Understanding Legal Analysis


Legal analysis is an essential skill for lawyers, self-represented litigants, law students, or anyone involved in a situation where legal reasoning is required. Doing a legal analysis involves laying out all the facts of the situation, determining the legal issues presented from those facts, researching and finding the law that governs those legal issues, and objectively evaluating the strengths and weaknesses of a case from the perspective of either party.


Here's a look at what legal analysis entails, its basic components, and how to perform a legal analysis effectively.


What is a Legal Analysis?


Legal analysis is the process of applying legal rules to a set of facts to reach a conclusion about a legal issue. It is the backbone of legal reasoning and a fundamental part of legal practice. Through legal analysis, attorneys and/or litigants build their arguments, and ultimately predict how a court may rule on their issues.


Basic Components of Legal Analysis


Legal analysis typically involves several key components:


   • Identifying the Relevant Facts


This involves distinguishing between facts that are legally significant and those that are not. Relevant facts are those that have a consequential impact on the application of legal rules.


   • Determining the Governing Law


This involves determining which statutes, regulations, case law, and/or legal principles apply to a particular situation.


   • Applying the Law to the Facts


Once the relevant facts and governing law are established, the next step is to analyze how the law applies to those facts.


   • Drawing a Conclusion


The final step is to synthesize the information and draw a logical conclusion. This may include a prediction of how a court would rule on the matter, then determining a sensible course of action.


How to Do a Legal Analysis


Performing a legal analysis is an important skill that may be developed with practice. Here are the steps typically involved:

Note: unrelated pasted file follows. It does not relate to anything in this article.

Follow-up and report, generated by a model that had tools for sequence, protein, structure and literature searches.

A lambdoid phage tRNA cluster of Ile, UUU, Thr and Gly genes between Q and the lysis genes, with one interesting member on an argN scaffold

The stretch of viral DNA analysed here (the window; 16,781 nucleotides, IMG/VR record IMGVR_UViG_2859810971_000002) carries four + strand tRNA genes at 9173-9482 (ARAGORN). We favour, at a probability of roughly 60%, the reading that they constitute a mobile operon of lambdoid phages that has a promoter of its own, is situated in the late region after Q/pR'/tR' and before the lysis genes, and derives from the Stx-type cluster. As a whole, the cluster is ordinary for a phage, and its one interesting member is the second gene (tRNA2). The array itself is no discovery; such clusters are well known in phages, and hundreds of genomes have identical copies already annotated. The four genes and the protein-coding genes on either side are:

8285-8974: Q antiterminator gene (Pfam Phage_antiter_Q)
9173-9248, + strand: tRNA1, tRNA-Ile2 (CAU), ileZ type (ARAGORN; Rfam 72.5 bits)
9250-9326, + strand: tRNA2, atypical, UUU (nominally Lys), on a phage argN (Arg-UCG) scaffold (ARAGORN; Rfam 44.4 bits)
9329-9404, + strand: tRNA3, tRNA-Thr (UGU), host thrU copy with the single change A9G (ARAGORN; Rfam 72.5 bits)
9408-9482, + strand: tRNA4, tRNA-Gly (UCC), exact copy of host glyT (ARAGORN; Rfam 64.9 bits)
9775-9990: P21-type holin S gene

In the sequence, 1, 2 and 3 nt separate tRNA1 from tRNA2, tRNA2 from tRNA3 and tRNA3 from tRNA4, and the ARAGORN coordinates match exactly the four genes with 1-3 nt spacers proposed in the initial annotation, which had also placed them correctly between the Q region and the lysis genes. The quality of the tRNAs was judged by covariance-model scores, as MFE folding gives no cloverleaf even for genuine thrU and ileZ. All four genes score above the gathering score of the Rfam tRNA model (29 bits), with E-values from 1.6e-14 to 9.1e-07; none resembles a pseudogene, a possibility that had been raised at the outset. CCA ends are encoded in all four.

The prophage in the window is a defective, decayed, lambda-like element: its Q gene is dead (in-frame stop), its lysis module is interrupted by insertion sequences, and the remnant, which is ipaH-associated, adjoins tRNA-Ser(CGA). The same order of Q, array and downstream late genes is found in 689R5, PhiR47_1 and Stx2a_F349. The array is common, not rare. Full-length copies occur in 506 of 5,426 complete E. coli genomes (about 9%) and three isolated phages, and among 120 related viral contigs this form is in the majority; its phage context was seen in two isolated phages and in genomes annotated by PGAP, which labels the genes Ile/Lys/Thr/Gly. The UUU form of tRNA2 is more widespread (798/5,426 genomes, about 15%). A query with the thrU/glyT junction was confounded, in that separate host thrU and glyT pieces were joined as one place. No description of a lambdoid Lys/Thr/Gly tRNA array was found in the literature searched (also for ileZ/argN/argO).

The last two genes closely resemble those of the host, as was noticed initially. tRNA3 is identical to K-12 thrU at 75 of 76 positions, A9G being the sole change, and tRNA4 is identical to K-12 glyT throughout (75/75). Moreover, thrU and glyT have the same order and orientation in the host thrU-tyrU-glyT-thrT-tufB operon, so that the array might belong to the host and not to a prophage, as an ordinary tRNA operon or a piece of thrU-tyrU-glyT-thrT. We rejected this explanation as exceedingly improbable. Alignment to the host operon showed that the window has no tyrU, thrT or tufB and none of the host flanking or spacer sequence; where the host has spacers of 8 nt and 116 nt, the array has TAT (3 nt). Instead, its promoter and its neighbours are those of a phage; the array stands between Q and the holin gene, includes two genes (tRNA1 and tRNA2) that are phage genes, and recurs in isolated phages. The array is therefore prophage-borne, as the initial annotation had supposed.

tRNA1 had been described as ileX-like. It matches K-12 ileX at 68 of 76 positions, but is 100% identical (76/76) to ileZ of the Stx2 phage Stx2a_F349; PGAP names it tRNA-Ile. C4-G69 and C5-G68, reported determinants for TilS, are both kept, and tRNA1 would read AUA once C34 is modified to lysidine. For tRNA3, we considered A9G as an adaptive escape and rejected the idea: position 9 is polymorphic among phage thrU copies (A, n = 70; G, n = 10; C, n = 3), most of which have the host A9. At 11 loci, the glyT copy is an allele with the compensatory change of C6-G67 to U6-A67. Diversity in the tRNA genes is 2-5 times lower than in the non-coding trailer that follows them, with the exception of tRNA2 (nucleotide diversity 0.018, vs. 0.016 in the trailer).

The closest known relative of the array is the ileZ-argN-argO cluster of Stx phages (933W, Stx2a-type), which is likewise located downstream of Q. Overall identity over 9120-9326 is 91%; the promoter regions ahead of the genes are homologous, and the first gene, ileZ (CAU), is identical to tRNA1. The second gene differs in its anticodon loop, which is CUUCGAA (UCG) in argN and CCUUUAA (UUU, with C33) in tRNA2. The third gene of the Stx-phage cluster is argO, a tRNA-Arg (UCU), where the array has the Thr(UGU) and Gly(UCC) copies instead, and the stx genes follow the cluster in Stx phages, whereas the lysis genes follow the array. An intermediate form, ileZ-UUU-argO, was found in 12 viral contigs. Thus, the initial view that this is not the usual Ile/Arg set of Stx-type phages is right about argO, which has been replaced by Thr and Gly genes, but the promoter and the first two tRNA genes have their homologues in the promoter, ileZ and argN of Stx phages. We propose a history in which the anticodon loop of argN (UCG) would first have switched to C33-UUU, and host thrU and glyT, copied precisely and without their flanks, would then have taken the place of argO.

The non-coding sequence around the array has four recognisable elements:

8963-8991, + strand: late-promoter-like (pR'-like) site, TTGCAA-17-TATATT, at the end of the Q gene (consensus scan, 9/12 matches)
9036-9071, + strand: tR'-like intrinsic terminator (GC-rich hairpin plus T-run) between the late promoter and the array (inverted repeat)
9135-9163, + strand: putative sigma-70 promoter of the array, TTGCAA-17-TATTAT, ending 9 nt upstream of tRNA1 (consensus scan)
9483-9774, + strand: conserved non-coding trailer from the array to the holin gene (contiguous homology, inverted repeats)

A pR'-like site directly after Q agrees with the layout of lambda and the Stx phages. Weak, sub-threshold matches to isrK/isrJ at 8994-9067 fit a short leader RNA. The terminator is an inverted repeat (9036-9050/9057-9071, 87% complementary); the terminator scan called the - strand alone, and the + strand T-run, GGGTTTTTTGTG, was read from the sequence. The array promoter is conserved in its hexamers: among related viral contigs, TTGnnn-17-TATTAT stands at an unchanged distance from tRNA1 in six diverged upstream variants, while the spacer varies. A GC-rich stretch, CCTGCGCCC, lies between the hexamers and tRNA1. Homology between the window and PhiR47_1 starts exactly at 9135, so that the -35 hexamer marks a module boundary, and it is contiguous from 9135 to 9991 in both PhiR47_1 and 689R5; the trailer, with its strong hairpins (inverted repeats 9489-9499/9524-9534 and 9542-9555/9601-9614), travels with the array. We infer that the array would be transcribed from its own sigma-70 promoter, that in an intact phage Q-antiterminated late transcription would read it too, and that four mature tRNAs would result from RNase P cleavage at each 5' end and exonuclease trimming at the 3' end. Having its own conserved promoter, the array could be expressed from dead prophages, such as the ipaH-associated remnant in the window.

• Gather All Relevant Information


This involves collecting all necessary facts, evidence, and legal sources that will impact the analysis. It's essential to be thorough and consider all possible angles.


   • Issue Spotting


Legal issues must be identified before they can be analyzed. This requires a careful understanding of the facts and a general understanding of the law in order to spot potential legal issues.


   • Research


Comprehensive legal research is necessary to find relevant statutes, regulations, and case law that will inform the analysis.


   • Analysis


Apply the IRAC method (Issue, Rule, Analysis, Conclusion) or a similar framework to structure the legal analysis. For each issue identified:


  • State the Issue clearly
  • Articulate the Rule(s) of law that govern
  • Conduct an Analysis by applying the rule(s) to the facts
  • Provide a Conclusion as to how the issue would likely be resolved


   • Writing


Present the analysis in a clear, organized, and persuasive manner.


   • Review and Revise


Review and revision are part of producing a strong legal analysis. This may involve seeking outside help and/or revisiting the detailed timeline of facts and/or revisiting the legal research done to ensure that no aspect was overlooked.




Legal analysis is both an art and a science, requiring legal knowledge, logical reasoning, common sense, and a bit of creativity. A well-performed legal analysis clarifies complex legal issues, guides decision-making, and provides the basis for a strong legal argument. As with any skill, proficiency in legal analysis comes with practice and patience.


The Self Rep Edge program, through the Self Rep Edge Video Series and Civil Litigation Workbook, provides a foundation of legal knowledge, which includes an understanding of the nuts and bolts of the civil litigation process and how to do a legal analysis.